Being characterized by dilapidated infrastructure and inadequate health care and education systems, Madagascar is one of the poorest countries in the world. With a lack of jobs being created by the formal economy, a large informal economy has developed to accommodate. One of the most significant components of this economy has been illegal logging, particularly of the valuable, dense, hardwoods known as rosewood and ebony.
Rosewood (of the family Leguminosae) generally has a deep, lustrous red coloration, whereas ebony (of the family Ebenaceae) has a dark, heavy fine wood grain. Malagasy rosewoods include Dalbergia baronii, D. louvelii, and the "palissandre wood" D. madagascariensis (which lacks the distinctive red coloration). These rare, endemic species are mainly found in the SAVA Region and the Makira-Masoala Landscape of Madagascar. Although rosewood species from other countries have traditionally been used for high-class musical instruments and furniture, these sources have been depleted, leaving Madagascar as one of the leading sources. Ebony, on the other hand, belongs to the large mostly tropical genus Diospyros. The rare, endemic ebony species of Madagascar grow primarily in the northwestern part of Madagascar, but some also grow in Marojejy and Masoala national parks. Both species are slow growing, and take as much as 300 years or more to reach maturity.
The use of these rare hardwoods by local people is limited and sustainable, unlike the unsustainable exploitation from illegal and government-approved logging for international markets. The logging of rosewoods and ebonies in Madagascar can be traced back more than twenty years prior to the 2009 Malagasy political crisis. Until recently, the island's forests had not experienced the levels of intense logging seen in countries like Malaysia or Indonesia due to its smaller trees, challenging terrain, and national policies favoring locally controlled, small-scale operations. Forestry laws have been in place since at least the 1960s, and commercial logging has been regulated by the state. For decades, artisanal loggers have extracted high-value trees from most remaining forests on the island. Between 1974 and 1980, logging was permitted in the northern section of the Zombitse protected area. In the 1970s, a logging company received permission from the state to selectively harvest precious hardwoods from Ihera Classified Forest, which continued legally until all trees of commercially valuable size had become rare. However, illegal logging began when local leaders manipulated the remaining loggers to continue the extracting on a smaller scale for their own benefit.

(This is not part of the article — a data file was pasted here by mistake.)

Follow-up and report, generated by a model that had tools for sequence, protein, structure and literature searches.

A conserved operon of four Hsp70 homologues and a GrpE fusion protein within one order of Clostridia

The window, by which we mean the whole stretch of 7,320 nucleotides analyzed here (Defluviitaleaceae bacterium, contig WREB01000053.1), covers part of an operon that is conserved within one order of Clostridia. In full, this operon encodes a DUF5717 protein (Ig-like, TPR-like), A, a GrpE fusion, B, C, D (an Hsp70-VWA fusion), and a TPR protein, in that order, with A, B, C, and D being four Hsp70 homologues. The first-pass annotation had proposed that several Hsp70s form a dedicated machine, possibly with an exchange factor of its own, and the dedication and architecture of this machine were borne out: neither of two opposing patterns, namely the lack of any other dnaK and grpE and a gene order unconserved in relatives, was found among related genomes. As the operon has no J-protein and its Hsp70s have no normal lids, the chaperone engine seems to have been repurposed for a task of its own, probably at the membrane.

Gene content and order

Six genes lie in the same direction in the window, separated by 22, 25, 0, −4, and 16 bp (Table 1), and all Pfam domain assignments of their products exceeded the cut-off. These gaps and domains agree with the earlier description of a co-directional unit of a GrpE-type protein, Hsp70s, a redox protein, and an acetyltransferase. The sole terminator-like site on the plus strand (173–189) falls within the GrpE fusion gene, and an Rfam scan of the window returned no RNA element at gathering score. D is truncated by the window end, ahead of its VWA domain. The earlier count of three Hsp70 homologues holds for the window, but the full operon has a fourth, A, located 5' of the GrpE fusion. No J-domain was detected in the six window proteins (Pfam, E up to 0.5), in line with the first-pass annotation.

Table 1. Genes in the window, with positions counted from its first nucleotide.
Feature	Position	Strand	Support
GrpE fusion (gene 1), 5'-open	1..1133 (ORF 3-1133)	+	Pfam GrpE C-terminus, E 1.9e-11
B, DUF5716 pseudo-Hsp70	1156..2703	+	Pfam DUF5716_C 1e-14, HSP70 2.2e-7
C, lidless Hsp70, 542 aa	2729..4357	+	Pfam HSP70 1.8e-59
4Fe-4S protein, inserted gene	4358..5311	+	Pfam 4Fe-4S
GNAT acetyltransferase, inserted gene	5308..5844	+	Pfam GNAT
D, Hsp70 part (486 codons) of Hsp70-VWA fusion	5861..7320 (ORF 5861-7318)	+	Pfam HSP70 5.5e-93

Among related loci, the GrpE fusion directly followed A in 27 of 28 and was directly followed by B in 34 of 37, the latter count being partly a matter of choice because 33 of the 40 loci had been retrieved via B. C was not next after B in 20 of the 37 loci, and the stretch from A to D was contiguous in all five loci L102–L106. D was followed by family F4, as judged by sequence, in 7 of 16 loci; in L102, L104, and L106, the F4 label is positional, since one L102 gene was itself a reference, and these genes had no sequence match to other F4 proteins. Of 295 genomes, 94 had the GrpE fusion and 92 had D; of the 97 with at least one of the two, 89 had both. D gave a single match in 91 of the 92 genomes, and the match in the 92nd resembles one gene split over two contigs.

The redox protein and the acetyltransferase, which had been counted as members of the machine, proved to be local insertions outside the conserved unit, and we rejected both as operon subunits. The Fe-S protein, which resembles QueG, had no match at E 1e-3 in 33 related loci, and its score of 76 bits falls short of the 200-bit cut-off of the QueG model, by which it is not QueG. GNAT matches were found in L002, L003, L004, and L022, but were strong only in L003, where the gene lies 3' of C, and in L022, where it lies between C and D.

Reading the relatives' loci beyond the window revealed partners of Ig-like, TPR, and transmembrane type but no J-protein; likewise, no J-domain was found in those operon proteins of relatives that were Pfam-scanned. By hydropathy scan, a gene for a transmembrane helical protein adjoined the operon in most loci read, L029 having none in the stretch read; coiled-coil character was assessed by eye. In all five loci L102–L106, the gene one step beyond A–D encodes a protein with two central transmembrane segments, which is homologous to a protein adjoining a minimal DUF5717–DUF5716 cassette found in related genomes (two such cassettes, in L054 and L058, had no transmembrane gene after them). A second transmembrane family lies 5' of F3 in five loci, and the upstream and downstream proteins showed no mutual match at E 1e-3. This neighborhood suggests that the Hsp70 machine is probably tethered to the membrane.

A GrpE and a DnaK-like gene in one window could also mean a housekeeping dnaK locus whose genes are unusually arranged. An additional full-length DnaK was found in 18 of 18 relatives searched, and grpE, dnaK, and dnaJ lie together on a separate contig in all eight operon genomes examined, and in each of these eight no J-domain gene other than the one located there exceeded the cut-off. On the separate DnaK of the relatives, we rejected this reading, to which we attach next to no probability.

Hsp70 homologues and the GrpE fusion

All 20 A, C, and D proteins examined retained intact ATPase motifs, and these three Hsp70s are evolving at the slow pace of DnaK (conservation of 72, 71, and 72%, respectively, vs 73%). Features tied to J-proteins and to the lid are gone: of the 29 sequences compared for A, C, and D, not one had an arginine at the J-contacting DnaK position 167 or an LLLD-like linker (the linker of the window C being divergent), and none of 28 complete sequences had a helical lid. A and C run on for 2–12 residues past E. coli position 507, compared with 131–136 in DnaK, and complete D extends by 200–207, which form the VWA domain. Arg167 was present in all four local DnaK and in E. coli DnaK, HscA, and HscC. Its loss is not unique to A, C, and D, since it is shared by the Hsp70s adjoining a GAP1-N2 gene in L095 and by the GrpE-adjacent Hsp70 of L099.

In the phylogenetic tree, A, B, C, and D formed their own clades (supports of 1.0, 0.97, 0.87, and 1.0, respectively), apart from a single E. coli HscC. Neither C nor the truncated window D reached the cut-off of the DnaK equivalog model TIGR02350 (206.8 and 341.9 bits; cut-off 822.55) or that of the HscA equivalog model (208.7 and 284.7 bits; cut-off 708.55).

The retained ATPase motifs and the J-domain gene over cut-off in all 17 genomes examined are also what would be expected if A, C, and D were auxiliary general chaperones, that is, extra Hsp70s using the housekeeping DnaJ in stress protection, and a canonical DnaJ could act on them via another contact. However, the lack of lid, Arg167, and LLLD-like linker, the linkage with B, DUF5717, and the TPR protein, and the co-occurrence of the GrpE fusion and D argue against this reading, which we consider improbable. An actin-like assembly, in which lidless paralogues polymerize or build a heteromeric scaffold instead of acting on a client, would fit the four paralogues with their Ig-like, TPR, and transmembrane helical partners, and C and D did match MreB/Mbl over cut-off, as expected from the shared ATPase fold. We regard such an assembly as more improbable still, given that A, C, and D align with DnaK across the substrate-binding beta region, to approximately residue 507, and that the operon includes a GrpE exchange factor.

The unauthorized logging of these precious woods was banned from sensitive regions (such as national parks) and their adjoining areas in November 2000 with the passing of Order 12704/2000. The law was subsequently amended repeatedly, with orders and memorandums oscillating between permission and bans for the export of logs, semi-finished wood (i.e. planks), and/or finished wood (i.e. furniture), and one, Inter-ministerial Order 16030/2006 (September 2006), reiterating the explicit ban on logging. Conservation groups challenged that none of these held precedence over the original order in 2000, but merely "lend a pretext of legality" to the export of illegally logged precious woods, and view all recent logging and exports as criminal offenses. So far, operators have only been fined, wood has rarely been confiscated, exports have been permitted, and logging has accelerated, especially near the end of the decade.